EXAMPLE III OXIDATION OF WOOD PRODUCTS MANUFACTURER WASTEWATER

Wood products manufacturer wastewater oxidation was carried out using the procedure of Example I except that the feed samples contained 29,800 Pt-Co color units and each water sample to be oxidized was 1900 ml. 1.15 ml of 30% H2 O2 were supplied at 5 min. intervals over 20 min. Ozone was added at a rate of 40 mg/min. The oxidized wastewater samples were diluted as needed to give the same color intensity.

The results are shown in Table 3.

              TABLE 3______________________________________Oxidation of a Wastewater to Remove Color Bodies from aWood Products Manufacturer with UV/O.sub.3 /H.sub.2 O.sub.2.Batch Operation                         Dilution requiredRun   Oxidation conditions    to achieve the sameNo.   Oxidant dose   Time     color intensity______________________________________ Feed           0         1:991     UV/O.sub.3 /H.sub.2 O.sub.2                60 min.  None O.sub.3 = 50.0 mM H.sub.2 O.sub.2 = 100 mM Total = 150 mM2     UV/O.sub.3 /H.sub.2 O.sub.2                60 min.  1:1 O.sub.3 = 100 mM H.sub.2 O.sub.2 = 21 mM Total = 121 mM3     UV/O.sub.3 /H.sub.2 O.sub.2                60 min.  1:4 O.sub.3 = 50 mM H.sub.2 O.sub.2 = 50 mM Total = 100 mM4     UV/O.sub.3     60 min.  1:5 O.sub.3 = 100 mM______________________________________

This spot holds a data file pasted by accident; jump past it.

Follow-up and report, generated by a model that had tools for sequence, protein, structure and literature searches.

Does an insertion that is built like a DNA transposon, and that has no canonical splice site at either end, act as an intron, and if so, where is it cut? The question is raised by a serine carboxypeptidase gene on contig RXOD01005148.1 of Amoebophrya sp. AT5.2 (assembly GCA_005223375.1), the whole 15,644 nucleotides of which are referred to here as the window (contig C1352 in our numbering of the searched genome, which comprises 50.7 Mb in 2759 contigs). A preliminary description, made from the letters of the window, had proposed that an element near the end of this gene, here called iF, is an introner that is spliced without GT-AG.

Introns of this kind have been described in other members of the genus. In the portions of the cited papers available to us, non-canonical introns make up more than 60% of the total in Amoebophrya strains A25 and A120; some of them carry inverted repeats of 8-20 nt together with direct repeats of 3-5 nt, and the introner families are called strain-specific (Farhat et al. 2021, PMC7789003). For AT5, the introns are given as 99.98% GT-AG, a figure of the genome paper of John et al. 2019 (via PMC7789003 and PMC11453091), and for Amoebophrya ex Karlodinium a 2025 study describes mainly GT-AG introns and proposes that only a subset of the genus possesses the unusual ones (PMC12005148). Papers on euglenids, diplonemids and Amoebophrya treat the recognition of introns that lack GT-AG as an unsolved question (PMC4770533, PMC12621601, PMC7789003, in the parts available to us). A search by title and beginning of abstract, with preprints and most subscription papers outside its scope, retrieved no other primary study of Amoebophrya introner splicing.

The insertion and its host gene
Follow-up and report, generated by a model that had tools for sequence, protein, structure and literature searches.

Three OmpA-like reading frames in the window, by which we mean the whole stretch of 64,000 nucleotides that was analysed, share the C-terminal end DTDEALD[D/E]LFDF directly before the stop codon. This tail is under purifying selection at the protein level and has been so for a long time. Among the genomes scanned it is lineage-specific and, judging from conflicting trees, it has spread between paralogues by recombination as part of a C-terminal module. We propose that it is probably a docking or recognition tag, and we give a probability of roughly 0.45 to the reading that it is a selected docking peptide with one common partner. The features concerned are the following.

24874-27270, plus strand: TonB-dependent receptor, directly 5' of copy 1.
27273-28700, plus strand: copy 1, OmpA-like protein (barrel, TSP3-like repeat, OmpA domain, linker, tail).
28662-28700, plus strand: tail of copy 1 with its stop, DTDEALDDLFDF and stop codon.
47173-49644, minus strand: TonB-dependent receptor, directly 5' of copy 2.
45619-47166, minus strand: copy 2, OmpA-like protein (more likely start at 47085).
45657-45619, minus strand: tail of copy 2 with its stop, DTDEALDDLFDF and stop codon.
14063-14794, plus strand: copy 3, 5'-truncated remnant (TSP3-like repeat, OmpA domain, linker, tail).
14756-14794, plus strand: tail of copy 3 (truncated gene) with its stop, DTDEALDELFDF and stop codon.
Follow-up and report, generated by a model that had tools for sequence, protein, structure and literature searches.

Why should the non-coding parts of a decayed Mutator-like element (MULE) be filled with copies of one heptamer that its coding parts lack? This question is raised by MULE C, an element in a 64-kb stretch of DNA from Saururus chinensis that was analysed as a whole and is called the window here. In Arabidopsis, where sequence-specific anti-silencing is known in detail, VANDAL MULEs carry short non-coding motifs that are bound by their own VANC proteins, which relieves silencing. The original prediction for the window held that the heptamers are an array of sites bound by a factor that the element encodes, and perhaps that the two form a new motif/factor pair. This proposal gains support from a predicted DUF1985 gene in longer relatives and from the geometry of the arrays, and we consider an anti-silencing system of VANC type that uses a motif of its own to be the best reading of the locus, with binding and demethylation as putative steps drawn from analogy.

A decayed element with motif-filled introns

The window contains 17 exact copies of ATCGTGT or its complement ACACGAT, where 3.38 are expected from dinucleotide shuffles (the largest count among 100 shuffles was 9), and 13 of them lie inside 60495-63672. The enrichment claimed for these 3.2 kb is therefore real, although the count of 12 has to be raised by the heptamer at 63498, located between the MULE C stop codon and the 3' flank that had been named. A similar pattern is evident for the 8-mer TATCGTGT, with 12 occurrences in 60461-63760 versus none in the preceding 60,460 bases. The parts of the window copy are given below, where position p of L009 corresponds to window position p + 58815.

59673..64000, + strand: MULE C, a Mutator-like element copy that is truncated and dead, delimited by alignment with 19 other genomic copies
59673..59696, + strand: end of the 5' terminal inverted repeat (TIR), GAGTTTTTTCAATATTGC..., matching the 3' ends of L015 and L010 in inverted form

EXAMPLE IV OXIDATION OF CHEMICAL PLANT WASTEWATER

Wastewater from a chemical plant containing 700 ppm of 1,4-dioxane, 1000 ppm of ethylene glycol and 1000-5000 ppm acetaldehyde was subjected to comparative oxidation using the combination of UV, H2 O2, and O3. The procedure followed was that given in Example I except that the reaction time was 120 min., 35 ml of 30% of H2 O2 were added gradually within the first 90 min and the rate of ozone addition was 205 mg/min. The decrease in 1,4-dioxane concentration was determined by gas liquid chromatography as described in Example I, except that the glc column was operated isothermally at 140° C.